Some children and adults with a Chiari malformation may develop additional, related medical conditions that affect the brain or spinal cord. These complications include:
- Hydrocephalus is caused by an excessive build-up of cerebrospinal fluid in the brain, causing dangerous pressure within the head. Although hydrocephalus can occur with any type of Chiari malformation, it is most commonly associated with type II.
- Spina bifida is a type of birth defect in which the spinal cord or its protective covering doesn't form properly, leaving portions of the spinal cord exposed. Children born with Chiari malformation type II often have the most severe form of spinal bifida, called myelomeningocele, which can cause paralysis.
- Syringomyelia is a medical condition that causes cysts filled with cerebrospinal fluid to form within the spinal cord. If the cysts grow, they can cause a variety of symptoms including pain, weakness and stiffness in the back, shoulders, arms or legs.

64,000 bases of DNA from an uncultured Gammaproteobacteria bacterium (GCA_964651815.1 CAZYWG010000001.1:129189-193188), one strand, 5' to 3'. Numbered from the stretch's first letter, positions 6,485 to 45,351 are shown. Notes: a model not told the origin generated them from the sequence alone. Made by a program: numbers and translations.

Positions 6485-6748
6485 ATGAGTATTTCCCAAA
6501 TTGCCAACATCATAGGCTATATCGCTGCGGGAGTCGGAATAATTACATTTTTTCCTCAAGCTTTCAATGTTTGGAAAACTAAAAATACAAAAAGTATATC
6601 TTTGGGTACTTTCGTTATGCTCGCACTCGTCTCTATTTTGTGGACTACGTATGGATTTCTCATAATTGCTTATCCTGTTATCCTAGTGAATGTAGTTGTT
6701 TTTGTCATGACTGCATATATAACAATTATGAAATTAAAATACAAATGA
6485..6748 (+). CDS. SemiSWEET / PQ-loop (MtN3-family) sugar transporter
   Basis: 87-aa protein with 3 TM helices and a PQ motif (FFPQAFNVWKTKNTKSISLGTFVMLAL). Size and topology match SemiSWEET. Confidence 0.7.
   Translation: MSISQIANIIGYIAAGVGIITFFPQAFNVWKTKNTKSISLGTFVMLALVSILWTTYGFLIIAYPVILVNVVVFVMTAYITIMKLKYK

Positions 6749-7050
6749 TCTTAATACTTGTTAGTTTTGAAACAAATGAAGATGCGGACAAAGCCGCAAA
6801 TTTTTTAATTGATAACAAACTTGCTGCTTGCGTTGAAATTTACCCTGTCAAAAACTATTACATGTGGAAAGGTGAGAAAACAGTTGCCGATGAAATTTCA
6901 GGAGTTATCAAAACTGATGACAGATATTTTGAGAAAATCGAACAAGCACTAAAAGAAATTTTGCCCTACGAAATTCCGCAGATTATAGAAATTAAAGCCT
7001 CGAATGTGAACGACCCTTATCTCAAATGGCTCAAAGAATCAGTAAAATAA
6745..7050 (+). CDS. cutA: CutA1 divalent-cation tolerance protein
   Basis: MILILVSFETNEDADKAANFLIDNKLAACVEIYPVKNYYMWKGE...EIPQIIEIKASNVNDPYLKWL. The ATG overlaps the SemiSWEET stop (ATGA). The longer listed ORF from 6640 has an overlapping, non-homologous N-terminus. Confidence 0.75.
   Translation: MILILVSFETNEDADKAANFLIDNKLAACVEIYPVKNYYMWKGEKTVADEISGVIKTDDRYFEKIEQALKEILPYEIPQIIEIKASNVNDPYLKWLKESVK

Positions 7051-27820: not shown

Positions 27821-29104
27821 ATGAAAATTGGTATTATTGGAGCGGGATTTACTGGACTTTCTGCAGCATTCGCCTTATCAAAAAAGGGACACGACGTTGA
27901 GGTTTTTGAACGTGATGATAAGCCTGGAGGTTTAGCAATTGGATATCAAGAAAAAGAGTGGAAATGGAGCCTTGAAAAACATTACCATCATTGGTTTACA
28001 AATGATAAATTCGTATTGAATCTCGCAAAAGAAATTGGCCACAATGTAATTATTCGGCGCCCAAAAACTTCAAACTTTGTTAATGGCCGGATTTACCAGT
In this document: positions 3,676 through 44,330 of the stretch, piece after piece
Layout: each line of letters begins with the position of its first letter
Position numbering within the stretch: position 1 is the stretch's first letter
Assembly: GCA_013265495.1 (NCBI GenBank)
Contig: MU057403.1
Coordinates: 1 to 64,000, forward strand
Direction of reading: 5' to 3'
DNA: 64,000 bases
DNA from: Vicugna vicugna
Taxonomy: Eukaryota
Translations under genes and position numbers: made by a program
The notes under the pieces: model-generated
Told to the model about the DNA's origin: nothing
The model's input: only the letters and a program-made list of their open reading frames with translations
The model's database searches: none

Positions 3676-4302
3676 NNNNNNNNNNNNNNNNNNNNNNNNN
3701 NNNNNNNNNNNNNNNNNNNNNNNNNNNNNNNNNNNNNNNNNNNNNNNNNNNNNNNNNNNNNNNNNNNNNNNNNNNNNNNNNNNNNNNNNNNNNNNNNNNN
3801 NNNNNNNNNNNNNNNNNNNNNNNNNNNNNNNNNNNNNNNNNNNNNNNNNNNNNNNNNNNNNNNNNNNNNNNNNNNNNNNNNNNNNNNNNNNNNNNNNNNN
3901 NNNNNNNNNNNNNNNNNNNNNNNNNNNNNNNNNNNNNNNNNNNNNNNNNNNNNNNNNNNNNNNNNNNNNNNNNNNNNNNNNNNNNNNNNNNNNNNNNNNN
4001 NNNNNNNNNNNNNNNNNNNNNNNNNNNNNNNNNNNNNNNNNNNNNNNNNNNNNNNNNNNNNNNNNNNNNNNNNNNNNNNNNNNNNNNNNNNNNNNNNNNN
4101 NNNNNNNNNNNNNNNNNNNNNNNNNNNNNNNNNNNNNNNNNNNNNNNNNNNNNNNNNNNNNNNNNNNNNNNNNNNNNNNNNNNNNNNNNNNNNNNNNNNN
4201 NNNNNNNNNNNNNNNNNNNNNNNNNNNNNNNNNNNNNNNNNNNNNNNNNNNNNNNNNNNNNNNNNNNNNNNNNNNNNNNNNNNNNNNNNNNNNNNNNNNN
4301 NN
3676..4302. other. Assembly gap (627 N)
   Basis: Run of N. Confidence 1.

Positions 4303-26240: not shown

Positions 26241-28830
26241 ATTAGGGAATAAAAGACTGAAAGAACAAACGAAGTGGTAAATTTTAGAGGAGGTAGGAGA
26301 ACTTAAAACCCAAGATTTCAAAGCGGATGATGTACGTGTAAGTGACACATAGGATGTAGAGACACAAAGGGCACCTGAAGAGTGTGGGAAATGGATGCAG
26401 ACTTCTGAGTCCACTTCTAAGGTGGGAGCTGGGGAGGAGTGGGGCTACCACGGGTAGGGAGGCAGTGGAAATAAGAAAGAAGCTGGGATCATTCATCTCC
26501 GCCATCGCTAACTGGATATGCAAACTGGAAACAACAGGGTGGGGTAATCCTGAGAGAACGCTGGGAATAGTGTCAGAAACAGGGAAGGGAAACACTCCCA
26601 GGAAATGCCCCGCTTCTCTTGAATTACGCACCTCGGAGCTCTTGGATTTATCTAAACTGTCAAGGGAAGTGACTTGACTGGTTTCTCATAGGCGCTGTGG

- Spinal curvature, including scoliosis (where the spine curves to the left or right) and kyphosis (where the spine bends significantly forward), is most common among children with Chiari malformation type 1.
- Tethered cord syndrome occurs when the spinal cord attaches itself to the spine, causing the cord to stretch. This abnormal stretching can lead to nerve and muscle damage below the waist.
Given the health risks associated with Chiari malformations, including these complex and often serious complications, it is important to seek care from physicians who have extensive experience diagnosing and treating them.
How are Chiari malformations diagnosed?
If your doctor suspects you or your child has a Chiari malformation, he or she will perform a combination of some of the following tests:
- A physical or neurological exam allows your doctor to check your eyes, hearing, balance, reflexes, strength, coordination and other functions controlled by the brain or spinal cord.
- An X-ray is a common imaging test that captures pictures of dense structures inside the body, including bones. An X-ray of the head and neck can help identify bone abnormalities associated with Chiari malformations.
- A computerized tomography (CT) scan may be used to capture two-dimensional, cross-sectional images of the brain and skull. It can help detect bone abnormalities as well as certain complications including hydrocephalus.
- A magnetic resonance imaging (MRI) scan captures 3-D images of the body. It is often used to diagnose Chiari malformation because it can provide detailed images of the cerebellum and brain stem, including whether they are protruding into the spinal canal.
How are Chiari malformations treated?